I think there is some value in this analogy of comparing hermeneutical frameworks to maps. The given reality is the whole text of the Bible itself. No framework can give account of every detail, just as no map can represent every tiny feature of a landscape. But like a map, a hermeneutical framework can provide a way of seeing the whole terrain, a way of navigating one’s way through it, a way of observing what is most significant, a way of approaching the task of actually encountering the reality itself (just as a map tells you what to expect when you are actually in the terrain it portrays).

– Christopher J. H. Wright, The Mission of God: Unlocking the Bible’s Grand Narrative (Downers Grove, IL: IVP Academic, 2006), 69.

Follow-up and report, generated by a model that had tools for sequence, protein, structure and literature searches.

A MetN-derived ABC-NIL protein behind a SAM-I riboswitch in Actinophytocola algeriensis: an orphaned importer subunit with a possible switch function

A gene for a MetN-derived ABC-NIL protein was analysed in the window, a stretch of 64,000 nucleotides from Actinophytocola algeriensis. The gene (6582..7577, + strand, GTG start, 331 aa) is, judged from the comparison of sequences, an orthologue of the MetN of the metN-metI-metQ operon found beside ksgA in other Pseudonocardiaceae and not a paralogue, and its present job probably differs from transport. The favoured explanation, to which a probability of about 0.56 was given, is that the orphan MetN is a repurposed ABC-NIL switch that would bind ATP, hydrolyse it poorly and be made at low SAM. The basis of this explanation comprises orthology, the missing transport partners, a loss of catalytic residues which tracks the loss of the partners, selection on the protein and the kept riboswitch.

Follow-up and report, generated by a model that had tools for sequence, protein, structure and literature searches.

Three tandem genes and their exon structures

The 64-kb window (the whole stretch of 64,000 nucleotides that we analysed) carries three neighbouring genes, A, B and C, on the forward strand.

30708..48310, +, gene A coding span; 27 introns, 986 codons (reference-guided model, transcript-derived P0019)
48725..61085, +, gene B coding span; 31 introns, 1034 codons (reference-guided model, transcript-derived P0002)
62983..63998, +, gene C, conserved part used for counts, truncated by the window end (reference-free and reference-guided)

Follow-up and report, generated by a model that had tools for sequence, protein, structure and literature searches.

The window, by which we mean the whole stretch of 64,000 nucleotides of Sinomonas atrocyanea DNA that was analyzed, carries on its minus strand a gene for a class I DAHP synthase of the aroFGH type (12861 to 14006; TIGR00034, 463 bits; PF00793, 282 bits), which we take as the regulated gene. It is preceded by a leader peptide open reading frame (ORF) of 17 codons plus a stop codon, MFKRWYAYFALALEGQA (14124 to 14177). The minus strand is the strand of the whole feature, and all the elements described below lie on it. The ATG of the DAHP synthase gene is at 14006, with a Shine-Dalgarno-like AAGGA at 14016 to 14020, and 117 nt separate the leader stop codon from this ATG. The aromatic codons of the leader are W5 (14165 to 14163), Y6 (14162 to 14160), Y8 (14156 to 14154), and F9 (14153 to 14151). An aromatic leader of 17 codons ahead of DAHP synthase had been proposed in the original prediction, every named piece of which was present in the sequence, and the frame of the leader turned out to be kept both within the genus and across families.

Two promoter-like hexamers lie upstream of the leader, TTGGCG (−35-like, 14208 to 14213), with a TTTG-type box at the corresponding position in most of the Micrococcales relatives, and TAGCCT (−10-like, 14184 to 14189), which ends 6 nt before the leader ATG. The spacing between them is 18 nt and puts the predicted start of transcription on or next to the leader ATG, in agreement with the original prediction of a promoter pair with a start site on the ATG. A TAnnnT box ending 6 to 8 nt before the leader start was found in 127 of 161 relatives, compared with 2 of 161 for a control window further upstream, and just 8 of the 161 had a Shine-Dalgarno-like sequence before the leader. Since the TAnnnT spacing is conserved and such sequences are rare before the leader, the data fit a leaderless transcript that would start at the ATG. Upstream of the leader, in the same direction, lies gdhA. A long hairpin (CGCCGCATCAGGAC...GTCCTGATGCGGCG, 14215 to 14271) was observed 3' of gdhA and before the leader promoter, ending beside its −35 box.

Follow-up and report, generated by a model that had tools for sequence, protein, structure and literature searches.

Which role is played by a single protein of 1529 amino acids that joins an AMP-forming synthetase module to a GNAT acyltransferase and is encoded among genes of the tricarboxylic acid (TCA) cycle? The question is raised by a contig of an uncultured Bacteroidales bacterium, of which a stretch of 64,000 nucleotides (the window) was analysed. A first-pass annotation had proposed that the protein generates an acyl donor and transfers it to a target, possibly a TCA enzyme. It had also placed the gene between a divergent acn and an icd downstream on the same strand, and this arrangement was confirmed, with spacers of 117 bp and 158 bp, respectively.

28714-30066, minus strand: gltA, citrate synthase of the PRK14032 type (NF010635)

Hermeneutical Frameworks as Maps

Patrick Schreiner

Posts Twitter Facebook

I teach New Testament at Western Seminary in Portland, Oregon. I am married with three children. This blog, against all wisdom, includes anything I am interested in. That includes movies, music, theology, culture, hermeneutics, the Gospels, and politics. Feel free to comment and let me know you are reading or that you have found something helpful. I reserve the right to delete unhelpful or rude comments. Many of these posts are simply things I find interesting and therefore I am not asserting I agree with everything I link to.

No Comments

Be the first to start the conversation.

Leave a Reply

Text formatting is available via select HTML. <a href="" title=""> <abbr title=""> <acronym title=""> <b> <blockquote cite=""> <cite> <code> <del datetime=""> <em> <i> <q cite=""> <s> <strike> <strong>

*